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The Water Connection
From the Puget Sound out to the world, water connects all people in ways explored at a history conference on seascapes, littoral cultures, and trans-oceanic exchanges.

By Ed Knudson

I live on the incredible waters of the Puget Sound in the Pacific Northwest of the United States. North of my home are the gorgeous San Juan Islands and the Gulf Islands off the large Vancouver Island in British Columbia. The whole territory is a water wonderland. The Strait of Juan de Fuca connects us with the Pacific Ocean. When I look over the little harbor on which I live I can imagine this water connecting me with the whole wide world.

Americans have often viewed the oceans east and west as barriers to others, as protection against enemies. But this defensive posture has now changed in these global times. Most every day I can see large container ships entering the port of Tacoma bringing goods from other places.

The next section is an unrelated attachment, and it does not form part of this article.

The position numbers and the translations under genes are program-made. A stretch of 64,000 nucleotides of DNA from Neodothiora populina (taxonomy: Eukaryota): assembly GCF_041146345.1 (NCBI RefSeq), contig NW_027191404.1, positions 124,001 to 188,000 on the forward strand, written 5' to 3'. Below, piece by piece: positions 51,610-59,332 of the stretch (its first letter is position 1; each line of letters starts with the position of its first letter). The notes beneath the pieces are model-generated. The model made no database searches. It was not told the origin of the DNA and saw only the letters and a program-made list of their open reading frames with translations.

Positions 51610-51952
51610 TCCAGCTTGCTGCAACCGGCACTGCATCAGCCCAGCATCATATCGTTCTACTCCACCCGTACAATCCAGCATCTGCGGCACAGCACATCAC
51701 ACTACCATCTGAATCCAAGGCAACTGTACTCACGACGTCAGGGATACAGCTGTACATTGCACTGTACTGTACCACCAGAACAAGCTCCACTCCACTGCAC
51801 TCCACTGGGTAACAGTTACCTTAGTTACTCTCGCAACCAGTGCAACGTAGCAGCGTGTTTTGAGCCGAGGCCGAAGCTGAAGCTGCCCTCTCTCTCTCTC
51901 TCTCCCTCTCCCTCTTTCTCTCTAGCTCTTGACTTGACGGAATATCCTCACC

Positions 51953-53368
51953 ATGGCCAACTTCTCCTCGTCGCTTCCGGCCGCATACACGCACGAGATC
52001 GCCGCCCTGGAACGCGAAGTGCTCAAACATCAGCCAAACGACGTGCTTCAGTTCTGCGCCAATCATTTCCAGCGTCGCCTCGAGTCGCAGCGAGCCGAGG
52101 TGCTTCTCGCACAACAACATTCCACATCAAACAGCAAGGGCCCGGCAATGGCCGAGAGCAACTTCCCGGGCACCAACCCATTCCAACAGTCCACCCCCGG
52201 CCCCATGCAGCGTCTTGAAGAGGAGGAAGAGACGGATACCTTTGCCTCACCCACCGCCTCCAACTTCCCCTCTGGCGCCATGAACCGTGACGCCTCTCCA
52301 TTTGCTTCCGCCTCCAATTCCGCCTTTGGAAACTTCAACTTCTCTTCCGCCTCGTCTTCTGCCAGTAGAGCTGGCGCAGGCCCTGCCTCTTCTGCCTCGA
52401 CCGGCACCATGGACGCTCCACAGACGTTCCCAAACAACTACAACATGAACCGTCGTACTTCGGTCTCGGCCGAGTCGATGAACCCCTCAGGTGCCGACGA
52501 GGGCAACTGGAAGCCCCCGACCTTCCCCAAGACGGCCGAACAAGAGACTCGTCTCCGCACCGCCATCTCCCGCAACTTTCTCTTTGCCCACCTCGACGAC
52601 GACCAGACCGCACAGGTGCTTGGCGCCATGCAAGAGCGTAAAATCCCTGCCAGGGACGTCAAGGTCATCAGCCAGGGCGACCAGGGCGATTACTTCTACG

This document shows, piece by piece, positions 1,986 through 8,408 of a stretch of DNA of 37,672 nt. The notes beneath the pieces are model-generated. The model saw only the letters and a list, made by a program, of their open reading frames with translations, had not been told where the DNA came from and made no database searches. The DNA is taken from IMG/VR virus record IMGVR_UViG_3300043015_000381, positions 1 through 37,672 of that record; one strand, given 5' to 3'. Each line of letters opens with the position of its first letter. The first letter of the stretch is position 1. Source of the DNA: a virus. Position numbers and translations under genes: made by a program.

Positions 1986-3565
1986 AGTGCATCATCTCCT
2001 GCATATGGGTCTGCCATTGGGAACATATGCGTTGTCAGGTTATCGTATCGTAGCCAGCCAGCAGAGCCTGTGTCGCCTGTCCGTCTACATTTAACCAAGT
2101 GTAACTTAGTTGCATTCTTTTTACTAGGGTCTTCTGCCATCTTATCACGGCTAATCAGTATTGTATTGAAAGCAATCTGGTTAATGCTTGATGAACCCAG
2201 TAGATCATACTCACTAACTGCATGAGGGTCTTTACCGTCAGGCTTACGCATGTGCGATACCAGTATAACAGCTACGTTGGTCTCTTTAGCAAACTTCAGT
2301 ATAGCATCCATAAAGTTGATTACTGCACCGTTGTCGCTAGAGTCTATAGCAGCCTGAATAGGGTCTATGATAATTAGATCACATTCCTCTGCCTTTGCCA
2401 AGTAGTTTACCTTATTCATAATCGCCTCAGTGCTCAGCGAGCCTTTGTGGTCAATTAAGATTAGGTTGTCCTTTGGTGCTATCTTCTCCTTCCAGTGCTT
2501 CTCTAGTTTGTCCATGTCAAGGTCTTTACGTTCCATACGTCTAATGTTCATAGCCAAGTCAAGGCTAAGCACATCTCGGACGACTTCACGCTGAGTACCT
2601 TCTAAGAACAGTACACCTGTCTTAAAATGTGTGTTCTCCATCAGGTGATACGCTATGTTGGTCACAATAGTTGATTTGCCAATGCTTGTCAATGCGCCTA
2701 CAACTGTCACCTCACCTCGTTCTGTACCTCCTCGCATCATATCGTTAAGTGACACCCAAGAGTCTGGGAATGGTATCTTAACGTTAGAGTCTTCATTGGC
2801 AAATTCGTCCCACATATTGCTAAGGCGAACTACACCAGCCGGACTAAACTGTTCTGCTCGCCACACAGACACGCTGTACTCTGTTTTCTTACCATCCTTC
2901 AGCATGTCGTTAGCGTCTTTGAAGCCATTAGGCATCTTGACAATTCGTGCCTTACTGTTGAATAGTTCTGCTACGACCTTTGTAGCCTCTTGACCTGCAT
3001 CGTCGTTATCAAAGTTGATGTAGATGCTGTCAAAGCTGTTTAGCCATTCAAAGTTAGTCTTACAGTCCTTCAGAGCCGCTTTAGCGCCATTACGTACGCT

So I am always interested in reflection on matters having to do with water. I ran across the proceedings of a conference on Seascapes, Littoral Cultures, and Trans-Oceanic Exchanges on February 12 through 15, 2003, at the Library of Congress, Washington D.C. Historians have written papers on many topics related to how water has influenced human affairs.

Under the topic of "Political and Imperial Organization" are these headings, for example.

The Organization of Oceanic Empires: The Iberian World in the Habsburg Period, Carla Rahn Phillips, University of Minnesota

Defining the Coastline: Eyewitness Testimony and the Mapping of Spain's First American Possessions, 1492-1536, William D. Phillips, Jr., University of Minnesota

Oceans, Migrants, and the Character of Empires: English Colonial Schemes in the Seventeenth Century, Alison Games, Georgetown University

Affinities and Empires: Tales from the Pacific, Matt K. Matsuda, Rutgers University




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Date Added: 1/24/2005 Date Revised: 1/24/2005 2:28:14 PM

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